Monday, October 11, 2010

Bellwether Shows Strong Recovery – Time Will Tell if Some Changes Were Structural!

Serving as a “canary” of sorts, the performance of the “travel” economy was first to signal the recession from which we’re recovering as much as two years before it was clear to some experts or the news media.  In my opinion, the current strength of this sector’s recovery is also far better reason for optimism than trying to keep up with each morning’s OMG report of micro indicators and knee-jerk reactions by computer controlled market reactions.suitcases

Business travel, the smaller but far more seriously damaged segment during the recession, was up nationwide by nearly 14% in July based on airline seats while lodging rooms-sold in communities like Durham (which draw a larger proportion of air travelers than nearby or competitor cities) were up 9% that month and have increased over last year during each of the last nine months through September.

Steady recovery in “demand” or visitation is pushing up air fares nationwide and overall hotel room revenue in Durham is up now six straight months.  When overall travel volume is back to pre-recession levels, we’ll be able to say just how much of the change to the 10% convention and meetings sub-segment are “structural.”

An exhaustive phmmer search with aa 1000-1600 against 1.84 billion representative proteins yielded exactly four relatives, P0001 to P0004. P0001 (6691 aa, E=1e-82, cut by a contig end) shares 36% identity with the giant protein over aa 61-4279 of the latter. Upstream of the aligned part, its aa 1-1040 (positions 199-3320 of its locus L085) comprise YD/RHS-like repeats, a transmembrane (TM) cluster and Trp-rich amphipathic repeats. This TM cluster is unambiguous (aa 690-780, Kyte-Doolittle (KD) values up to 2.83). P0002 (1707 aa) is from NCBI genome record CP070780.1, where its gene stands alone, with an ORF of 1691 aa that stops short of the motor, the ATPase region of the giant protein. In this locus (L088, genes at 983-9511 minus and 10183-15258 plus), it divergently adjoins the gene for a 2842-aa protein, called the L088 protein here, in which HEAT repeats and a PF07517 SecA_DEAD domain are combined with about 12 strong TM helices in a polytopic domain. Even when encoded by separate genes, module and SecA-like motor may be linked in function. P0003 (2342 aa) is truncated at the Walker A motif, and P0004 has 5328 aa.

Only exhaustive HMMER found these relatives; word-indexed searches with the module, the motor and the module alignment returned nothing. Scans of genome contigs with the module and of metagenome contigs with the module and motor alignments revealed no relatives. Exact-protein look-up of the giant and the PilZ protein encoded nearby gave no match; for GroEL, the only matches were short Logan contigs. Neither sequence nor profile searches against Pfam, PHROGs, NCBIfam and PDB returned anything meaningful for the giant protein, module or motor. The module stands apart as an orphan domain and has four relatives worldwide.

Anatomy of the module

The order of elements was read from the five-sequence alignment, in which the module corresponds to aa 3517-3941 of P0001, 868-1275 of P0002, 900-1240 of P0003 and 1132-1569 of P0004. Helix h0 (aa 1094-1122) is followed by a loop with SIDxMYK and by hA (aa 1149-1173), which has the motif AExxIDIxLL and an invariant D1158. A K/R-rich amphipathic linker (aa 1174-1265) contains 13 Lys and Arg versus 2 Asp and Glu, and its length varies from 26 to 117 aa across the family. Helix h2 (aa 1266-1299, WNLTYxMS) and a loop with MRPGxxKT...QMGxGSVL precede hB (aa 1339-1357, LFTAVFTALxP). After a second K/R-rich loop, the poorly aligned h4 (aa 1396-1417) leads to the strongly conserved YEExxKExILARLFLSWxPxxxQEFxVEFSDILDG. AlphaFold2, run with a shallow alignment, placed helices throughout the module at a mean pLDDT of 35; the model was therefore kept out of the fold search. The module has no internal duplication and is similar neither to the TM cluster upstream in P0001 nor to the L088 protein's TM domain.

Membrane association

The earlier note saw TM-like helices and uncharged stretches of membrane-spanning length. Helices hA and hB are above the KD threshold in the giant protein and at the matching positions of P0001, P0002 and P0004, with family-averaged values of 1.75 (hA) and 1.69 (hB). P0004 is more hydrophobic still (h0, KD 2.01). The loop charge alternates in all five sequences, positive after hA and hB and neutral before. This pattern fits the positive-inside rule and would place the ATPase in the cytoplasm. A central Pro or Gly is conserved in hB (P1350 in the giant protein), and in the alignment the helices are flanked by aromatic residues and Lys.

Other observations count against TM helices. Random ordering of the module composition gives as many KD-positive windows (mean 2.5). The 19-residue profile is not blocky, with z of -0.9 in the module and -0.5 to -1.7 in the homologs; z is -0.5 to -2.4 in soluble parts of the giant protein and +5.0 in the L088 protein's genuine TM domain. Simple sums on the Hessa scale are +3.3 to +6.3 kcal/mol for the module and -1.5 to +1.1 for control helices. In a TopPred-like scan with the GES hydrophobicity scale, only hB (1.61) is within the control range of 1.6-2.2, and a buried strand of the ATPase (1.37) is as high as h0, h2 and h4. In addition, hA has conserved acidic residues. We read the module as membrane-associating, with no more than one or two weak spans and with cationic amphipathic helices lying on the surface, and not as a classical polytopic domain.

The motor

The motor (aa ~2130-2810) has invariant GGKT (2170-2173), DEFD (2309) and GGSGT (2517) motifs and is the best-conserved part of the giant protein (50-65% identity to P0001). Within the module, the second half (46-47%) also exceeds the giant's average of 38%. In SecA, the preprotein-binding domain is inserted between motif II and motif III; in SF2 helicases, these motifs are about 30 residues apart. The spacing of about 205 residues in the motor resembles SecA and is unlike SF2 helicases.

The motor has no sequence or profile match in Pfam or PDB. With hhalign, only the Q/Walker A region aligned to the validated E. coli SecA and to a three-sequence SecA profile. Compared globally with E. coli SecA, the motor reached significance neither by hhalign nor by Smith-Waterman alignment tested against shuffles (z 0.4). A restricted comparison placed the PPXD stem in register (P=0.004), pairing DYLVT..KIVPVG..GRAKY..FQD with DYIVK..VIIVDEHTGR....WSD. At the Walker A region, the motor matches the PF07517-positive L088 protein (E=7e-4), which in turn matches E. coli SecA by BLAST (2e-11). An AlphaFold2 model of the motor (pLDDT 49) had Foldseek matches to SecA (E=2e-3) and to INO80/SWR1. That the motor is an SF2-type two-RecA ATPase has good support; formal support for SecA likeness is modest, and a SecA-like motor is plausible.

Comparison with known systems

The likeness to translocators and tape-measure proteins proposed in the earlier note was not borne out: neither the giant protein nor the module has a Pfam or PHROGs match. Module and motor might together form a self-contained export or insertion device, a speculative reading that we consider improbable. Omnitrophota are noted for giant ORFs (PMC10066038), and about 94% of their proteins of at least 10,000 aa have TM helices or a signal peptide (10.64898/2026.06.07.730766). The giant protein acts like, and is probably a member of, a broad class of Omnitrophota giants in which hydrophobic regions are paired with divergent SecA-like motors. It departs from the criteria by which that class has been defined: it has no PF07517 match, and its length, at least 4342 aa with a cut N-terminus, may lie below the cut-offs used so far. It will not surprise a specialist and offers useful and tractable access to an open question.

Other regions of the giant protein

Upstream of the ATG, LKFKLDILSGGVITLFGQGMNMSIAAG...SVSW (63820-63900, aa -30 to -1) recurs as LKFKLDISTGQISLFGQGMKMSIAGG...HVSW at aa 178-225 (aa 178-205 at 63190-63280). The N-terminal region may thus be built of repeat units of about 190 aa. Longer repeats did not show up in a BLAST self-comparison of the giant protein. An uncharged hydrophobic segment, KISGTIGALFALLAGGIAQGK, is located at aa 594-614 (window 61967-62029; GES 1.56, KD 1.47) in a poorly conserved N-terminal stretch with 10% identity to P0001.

Even before the recession, the “meetings” sub-segment of the travel economy was undergoing a gradual but structural transformation due to advances in technology substituting for many meetings.  It has been apparent for many years that the “arms-race” in meeting facilities between communities was ill-founded with some cities (not Durham) subsidizing conventions to the point they had zero or negative return on investment in terms of local tax revenue.

Recessions typically accelerate and entrench changes and it will be interesting to see how much of this has further decreased the convention and meetings sub- segment of travel.  It is much too early to tell right now.

More interesting will be whether communities and their respective destination marketing organizations (DMOs) have learned any lessons during the recession and begun to diversify away from over reliance on conventions and meetings and/or jonesing larger and larger meeting facilities.

My guess based on nearly four decades as a DMO executive over many recessions is that my peers as a group haven’t learned a thing and probably won’t until new generations of both DMO executives, local officials and enablers emerge, unencumbered by old school egos and rhetoric.

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